Not likely, at least I would hope. All seals and sea lions are protected under the Marine Mammal Protection Act and some are also listed under the Endangered Species Act.
There seem to be a plethora of half chowed down seal bodies coming on shore here. There has to be more than one great White. The Porbeagle population is up too. They aren’t quite as nasty though you would not want to interact with one.
The GW seems to have friends or is still lurking https://www.pressherald.com/2020/07/31/state-eases-some-swimming-restrictions-following-fatal-shark-attack/
The group that I kayak with had a paddle planned for the Harpswell area today, near the center of the shark sightings. We decided to move the paddle about 20 miles east to Pemaquid. I think the probability of a kayak-shark encounter is pretty low, but this will still make people feel a little safer - unless Mr./Ms. shark heads east too.
I bothered to look this up a few or so years ago. Great Whites are regularly around pretty much all the way up the coast. The fact that the Gulf of Maine is the fastest warming section of water on the east coast, at least last I checked, could be changing the location of all parts of the fish food chain.
Doubt the lobstering folks are shedding any tears…
It was sad news. She was a friend of one of our hiking and kayaking friends. I grew up on Bailey Island back in the 60s and early 70s. My mother lived there for another 40 years and swam a lot near Cedar Beach and other spots and kayaked all over the area. We never dreamed of a shark attack. I’m not sure there were near as many seals back then. We paddle in the area quite a bit now and noticed a lot more fish jumping this summer. A few seals popped up here and there. We saw even more activity near Boothbay when we kayaked out of Knickercane Launch recently. You could see the seals where chasing the fish. We see lots of people out in these small “bathtub” style kayaks. I’m not sure I’d want to be on the ocean with one of those right now (actually never). We just spent 5 days up at Stonington and saw seals and a few porpoises as well. Amazing how warm the water is even up there. We spent 2 nights at Old Quarry Campground before it closed. We then spend 3 nights at Greenlaw’s Campground and launched downtown. There’s plenty of parking up by the school. We are so lucky to be able to enjoy a beautiful coastline up here in Maine during this stressful time. We saw lots of mask wearing in Stonington. We always make sure to have ours with us and are ready to use them even when kayaking. You never know when you might need to help someone or need help yourself. Better safe than sorry.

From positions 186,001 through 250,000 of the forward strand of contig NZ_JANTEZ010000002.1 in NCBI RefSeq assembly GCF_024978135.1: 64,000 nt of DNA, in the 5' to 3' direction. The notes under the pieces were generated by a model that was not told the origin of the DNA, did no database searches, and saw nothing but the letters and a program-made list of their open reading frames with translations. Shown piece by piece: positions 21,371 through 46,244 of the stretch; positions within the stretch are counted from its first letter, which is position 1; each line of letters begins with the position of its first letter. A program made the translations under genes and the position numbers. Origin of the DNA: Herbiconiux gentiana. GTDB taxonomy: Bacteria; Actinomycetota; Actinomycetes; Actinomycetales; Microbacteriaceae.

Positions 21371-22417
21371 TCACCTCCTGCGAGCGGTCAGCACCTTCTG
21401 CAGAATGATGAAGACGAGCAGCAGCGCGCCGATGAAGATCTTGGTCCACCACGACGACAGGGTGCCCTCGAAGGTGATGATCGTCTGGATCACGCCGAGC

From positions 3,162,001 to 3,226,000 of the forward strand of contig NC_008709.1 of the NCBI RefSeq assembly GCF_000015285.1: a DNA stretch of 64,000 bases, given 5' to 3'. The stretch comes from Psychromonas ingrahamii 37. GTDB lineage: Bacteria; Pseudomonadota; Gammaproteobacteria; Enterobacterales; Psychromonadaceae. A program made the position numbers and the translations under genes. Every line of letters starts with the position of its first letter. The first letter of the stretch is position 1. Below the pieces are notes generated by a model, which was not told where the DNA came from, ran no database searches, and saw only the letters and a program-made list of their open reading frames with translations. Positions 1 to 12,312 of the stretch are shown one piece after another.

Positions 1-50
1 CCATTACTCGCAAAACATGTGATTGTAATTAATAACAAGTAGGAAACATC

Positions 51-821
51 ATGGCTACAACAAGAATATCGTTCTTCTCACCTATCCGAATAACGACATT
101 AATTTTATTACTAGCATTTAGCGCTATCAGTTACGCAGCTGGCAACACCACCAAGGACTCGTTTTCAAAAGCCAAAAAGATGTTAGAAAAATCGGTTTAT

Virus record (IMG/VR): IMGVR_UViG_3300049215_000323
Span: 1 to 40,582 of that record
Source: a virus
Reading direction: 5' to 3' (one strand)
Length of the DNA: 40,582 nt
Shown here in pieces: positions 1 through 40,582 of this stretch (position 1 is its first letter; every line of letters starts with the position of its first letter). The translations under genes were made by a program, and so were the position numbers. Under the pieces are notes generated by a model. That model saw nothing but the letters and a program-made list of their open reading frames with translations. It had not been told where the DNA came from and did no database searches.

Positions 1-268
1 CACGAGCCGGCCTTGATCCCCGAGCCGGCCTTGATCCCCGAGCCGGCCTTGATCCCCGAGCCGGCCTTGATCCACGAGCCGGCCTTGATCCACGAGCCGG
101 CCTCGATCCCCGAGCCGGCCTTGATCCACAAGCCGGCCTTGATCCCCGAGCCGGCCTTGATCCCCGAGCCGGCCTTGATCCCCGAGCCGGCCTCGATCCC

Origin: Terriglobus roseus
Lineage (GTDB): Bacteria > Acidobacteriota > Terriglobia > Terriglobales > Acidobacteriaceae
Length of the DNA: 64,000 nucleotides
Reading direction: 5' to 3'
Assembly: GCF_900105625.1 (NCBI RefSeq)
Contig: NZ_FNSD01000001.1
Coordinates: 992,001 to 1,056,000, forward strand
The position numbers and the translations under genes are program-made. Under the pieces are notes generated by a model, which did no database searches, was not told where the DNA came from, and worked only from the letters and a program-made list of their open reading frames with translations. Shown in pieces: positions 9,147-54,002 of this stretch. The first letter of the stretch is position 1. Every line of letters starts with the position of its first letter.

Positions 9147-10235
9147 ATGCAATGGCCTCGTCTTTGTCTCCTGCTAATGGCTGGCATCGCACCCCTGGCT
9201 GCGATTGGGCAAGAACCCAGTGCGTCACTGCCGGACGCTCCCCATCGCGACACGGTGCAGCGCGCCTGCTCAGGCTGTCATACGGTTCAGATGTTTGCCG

We went out of Mackerel Cove on Wednesday to circumnavigate Bailey Island. We had only gone a short ways around the point on the west side when my friend and I spotted a fin coming our way. She yelled shark as it got closer and when I looked down, it was passing between our 2 kayaks. It was probably around 12’ long. It was hard to see it as the sun was shining on the water and reflecting off it’s back just a bit under the surface. We were about 50’ feet from the shoreline. It was close enough we could have hit it with our paddles. Actually, my friend thought she felt a bump. Pretty scary. It took us a while to calm down and make a decision on whether or not to continue our paddle. We did call the local kayak outfitter on Orr’s Island to let them know and my husband made a call on Channel 16 to let others know. Obviously sharks are still in the waters in Maine. We decided we would not be practicing any self rescue on this outing.
Yeow. That is very scary! Glad it did not escalate.
I saw a shark expert on tv who advised against wearing a black wet suit. More likely to be mistaken for a seal. The surfers I see out here on Long Island (New York) all wear black suits.
Some time ago my sister was checking into lighter weight suits intended to protect against stings by red jellyfish, a common issue in places like Australia apparently and a massive problem if you are highly allergic. She is. A significant number of those suits she say were not solid black.
That said, before deciding to get other than black does anyone know what colors a shark sees? If they don’t see red for example, a red patterned wet suit is not going to help.
I remember a discussion about black/white patterns that simulate the coloration of orcas, the only known predator of white sharks. I don’t know if it was definitively shown to be a deterrent. With the sun overhead, all a shark looking up from below is going to see is a silhouette, so I suspect that color doesn’t make much difference in that situation.